Thailand protests

Thai royalist turns protester as anti-government movement broadens


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Thai royalist turns protester as anti-government movement broadens

NAT. Tanat "Nat" Thanakitamnuay, 29, known as "Hi-so Luk Nat," who was blinded in the right eye during clashes with riot police, participates in a protest over the government's handling of the coronavirus disease (COVID-19) pandemic and demanding Thai Prime Minister Prayuth Chan-ocha's resignation, in Bangkok, Thailand, August 29, 2021.

Chalinee Thirasupa/Reuters

'It's bad for your mental health to see an incompetent PM,' says Nat

Often seen at the wheel of one of his supercars, Thai ultra-royalist Tanat “Nat” Thanakitamnuay became a well-known face at demonstrations that ushered in Thailand’s 2014 coup.

Now he is back on the streets demanding the removal of coup leader Prayuth Chan-ocha as prime minister and reforms to the monarchy – a change of heart that points to the broadening of Thailand’s latest anti-government movement.

“It’s bad for your mental health to see an incompetent PM,” said Nat, 29, who was blinded permanently in his right eye last month after being hit by a teargas canister at a protest.

He switched sides in part because of anger over the government’s widely-criticized handling of the latest coronavirus outbreak, which has brought severe economic hardship as well as nearly 12,000 deaths.

That has given new life to a student-led protest movement that emerged last year with demands to limit the powers of King Maha Vajiralongkorn’s monarchy and remove Prayuth, a former army chief who seized power in 2014 after months of protests against the elected government of Yingluck Shinawatra.

After a lull due to coronavirus restrictions on gatherings, demonstrations against Prayuth have gathered renewed steam in recent weeks.

“The protests have broadened due to COVID-19 and its economic consequences,” Titipol Phakdeewanich, dean of Ubon Ratchathani University’s political science faculty, told Reuters. “That prompted a more diverse group of people to join.”

Defending the government’s handling of the pandemic, Anucha Burapachaisri, deputy secretary to the prime minister, told Reuters that all necessary measures to contain the spread of infections had been taken.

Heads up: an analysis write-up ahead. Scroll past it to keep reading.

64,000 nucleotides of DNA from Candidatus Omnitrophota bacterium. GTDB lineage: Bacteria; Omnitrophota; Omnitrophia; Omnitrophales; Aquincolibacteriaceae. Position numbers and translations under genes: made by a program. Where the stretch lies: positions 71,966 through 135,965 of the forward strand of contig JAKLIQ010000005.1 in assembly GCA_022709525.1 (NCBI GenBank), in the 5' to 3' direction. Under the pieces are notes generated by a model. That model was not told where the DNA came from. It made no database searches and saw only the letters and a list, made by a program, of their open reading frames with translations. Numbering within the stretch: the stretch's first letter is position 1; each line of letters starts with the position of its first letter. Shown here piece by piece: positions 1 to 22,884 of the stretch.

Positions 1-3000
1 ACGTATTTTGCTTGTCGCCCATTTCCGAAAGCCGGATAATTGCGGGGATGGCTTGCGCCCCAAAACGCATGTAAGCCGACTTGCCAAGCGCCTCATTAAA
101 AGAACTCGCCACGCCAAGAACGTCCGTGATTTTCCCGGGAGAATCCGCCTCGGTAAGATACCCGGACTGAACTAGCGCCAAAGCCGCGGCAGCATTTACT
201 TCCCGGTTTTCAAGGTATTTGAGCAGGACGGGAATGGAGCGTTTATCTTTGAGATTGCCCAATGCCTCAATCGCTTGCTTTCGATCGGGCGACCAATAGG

But a recent poll said fewer than 30% of people thought they could rely on the government of Prayuth, who rejects the accusations of opponents that he manipulated a 2019 election to keep power he had taken by force.

“Everybody suffers from the lack of democracy, regardless of how much their income changes,” said Nat.

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Income is not a problem for Nat, a member of a Thai elite widely known as “HiSo” (High Society).

The son of a real-estate billionaire, he was educated at a British private school and has enjoyed a playboy lifestyle with his supercars, celebrity dates, and his own rock band.

He said he had now cut himself off from his family, while dabbling in the stock market and cryptocurrencies.

His appearance at protests is very different to that of the youth activists as he drives in his Range Rover along with a bodyguard and a secretary.

“It shocked us initially, but we thought that him joining us was very useful because it paved the way for others,” student activist Songpon “Yajai” Sonthirak told Reuters. “It shows how people can reform themselves and how we are inclusive.”

Nat said his time as a politician with the pro-establishment Democrat Party had made him suspicious of all those proclaiming loyalty to the monarchy.

He has joined calls for the removal of the lese majeste law outlawing criticism of the king, which can mean 15 years in jail and has been used against most of the youth protest leaders.

After losing his eye, Nat sports a black eyepatch marked with three white dashes representing the “Hunger Games” salute adopted by pro-democracy campaigners.

“We have to do whatever we can, whatever it takes,” he told Reuters. “If it will cost me another eye then so be it.” –

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